The County Council Service Committees will look at proposals in November to meet the major financial challenge of Â£41 million savings this year and more than Â£100 million over the next five years. This follows cumulative savings of Â£218 million since 2009.
The scale of savings means that proposals will have an impact on all services, from how the Council looks after roads, manages libraries and cares for the most vulnerable.
Councillors will be looking at initial proposals of how these savings may be achieved and, with officers, will be working to change or mitigate these options to reduce the impact on communities.
Proposals concentrate on supporting statutory services and protecting the most vulnerable as much as possible, while looking to bring in income or transforming the way the authority works.
Service Committees will comment on the proposals which will then go to the General Purpose Committee for consideration before the business plan is discussed by Full Council early next year. As much as possible will be done in that time period to mitigate the impacts or find alternatives to the severest proposals. This means during this time that there could be changes and some proposals may not go forward.
While the financial picture is tough Councillors are committed to meet the savings while doing their best for the diverse Cambridgeshire communities they serve.
They are also asking communities and organisations to come forward and help where they can to make sure the Council can continue to deliver as much as possible.
Cambridgeshire is one of the fastest growing counties in the country. This means more jobs and homes, but also much more pressure on schools, social care and our roads.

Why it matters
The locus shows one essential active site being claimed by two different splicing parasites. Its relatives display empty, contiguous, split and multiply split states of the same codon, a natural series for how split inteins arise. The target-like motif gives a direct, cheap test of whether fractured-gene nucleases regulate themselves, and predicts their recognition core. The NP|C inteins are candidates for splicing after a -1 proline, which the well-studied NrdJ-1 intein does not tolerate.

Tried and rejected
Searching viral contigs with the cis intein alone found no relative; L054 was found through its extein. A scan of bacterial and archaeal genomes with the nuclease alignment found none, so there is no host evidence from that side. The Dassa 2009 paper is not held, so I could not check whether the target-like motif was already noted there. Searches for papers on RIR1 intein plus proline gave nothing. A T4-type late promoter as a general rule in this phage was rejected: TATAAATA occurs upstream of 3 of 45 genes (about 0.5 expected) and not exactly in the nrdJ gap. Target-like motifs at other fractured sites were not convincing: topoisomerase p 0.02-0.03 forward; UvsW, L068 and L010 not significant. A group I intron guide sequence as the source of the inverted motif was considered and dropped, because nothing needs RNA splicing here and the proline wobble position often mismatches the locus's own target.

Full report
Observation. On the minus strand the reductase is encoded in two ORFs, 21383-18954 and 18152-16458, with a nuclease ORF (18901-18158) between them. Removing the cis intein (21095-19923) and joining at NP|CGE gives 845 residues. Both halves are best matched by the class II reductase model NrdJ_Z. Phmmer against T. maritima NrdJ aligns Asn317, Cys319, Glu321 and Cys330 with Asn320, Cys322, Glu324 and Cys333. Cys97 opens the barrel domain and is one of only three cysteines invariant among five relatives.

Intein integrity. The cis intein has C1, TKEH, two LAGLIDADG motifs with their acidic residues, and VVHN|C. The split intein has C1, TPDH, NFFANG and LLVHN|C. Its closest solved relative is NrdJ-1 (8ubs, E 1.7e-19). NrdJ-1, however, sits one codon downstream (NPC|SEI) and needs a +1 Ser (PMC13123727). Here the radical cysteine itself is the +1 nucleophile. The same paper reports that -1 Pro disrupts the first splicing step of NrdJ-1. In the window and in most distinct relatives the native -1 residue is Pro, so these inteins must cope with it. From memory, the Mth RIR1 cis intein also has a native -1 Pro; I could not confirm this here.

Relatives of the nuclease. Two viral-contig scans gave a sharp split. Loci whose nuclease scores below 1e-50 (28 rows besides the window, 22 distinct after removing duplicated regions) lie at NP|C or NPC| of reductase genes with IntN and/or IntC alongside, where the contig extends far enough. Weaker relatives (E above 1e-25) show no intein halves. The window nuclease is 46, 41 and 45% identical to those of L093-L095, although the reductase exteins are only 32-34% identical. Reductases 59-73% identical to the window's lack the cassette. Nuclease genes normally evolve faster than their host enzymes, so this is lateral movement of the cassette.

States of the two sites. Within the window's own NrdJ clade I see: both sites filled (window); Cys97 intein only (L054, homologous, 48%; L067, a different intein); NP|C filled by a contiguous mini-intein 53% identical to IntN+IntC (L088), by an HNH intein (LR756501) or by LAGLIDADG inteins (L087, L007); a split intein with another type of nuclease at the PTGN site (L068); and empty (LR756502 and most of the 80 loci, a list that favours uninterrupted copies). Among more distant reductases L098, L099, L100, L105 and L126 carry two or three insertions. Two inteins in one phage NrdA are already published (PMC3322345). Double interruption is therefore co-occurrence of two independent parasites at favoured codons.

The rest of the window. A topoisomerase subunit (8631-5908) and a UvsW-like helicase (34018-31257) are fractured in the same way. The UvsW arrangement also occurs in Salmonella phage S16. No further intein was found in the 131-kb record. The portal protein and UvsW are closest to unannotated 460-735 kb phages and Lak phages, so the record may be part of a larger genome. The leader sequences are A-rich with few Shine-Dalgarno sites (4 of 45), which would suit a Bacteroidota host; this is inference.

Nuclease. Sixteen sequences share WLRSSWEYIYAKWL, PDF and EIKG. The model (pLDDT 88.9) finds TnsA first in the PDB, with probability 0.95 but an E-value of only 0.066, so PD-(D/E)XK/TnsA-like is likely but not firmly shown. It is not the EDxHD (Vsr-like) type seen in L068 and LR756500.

Next year forecasts suggest the Council will have Â£15 million, or 27 per cent less, from the Government Revenue Support Grant while needing to find an extra Â£19.7 million to meet the pressures from more people needing services as well as inflation. This is on top of other charges and savings the Council has to find "“ making up the Â£41 million total.
With the gap increasing between demand for services and the funding available Cambridgeshire will inevitably be faced with even more cuts in the future.
To help address this, the County is sharing services as well as working in partnership with other public bodies to save money. At the same time it is bringing in major investment for road and rail projects across the County.
It is also working with communities to support volunteers and groups that are supporting their neighbours and neighbourhoods. Something that the Council will look to expand and enhance in the future.
Communities across Cambridgeshire are being asked to have their own say on how to meet the massive budget challenge facing them and the County. The challenge affects all of Cambridgeshire's communities and the Council has launched a consultation to explain the problem and to show how we can work together to find solutions.
People can have their say and see a film explaining the situation at www.cambridgeshire.gov.uk/challenge
The film also shows just some of the ways people can help save nearly Â£2 million by recycling more, fostering, using online services or just simply helping a relative or neighbour.
Cambridgeshire County Council Leader, Steve Count, said: "The County Council and Cambridgeshire communities are facing a massive funding challenge and the savings that will have to be made affects all of our residents. We are already making tough decisions and with millions of pounds fewer in the budget this can only get worse, as Government grants dwindle further. We have already reduced staff, shared services and made considerable savings. We know we can do more but we have reached a tipping point where frontline services will be further affected. These are proposals at the moment and councillors will be asked to look at them and work with officers to change or reduce their impact. Therefore, these proposals could change but we want people to see the scale of the issues we are facing. I know that Councillors will be working hard to do the best for Cambridgeshire.
"But we cannot meet this challenge alone. We want to work with residents, businesses and other organisations as a team to meet this challenge together. There are some simple things, like recycling more, that people can do that will save significant amounts of money for Cambridgeshire residents. From becoming a foster carer, recycling more or simply being a good neighbour we can all make Cambridgeshire a better place."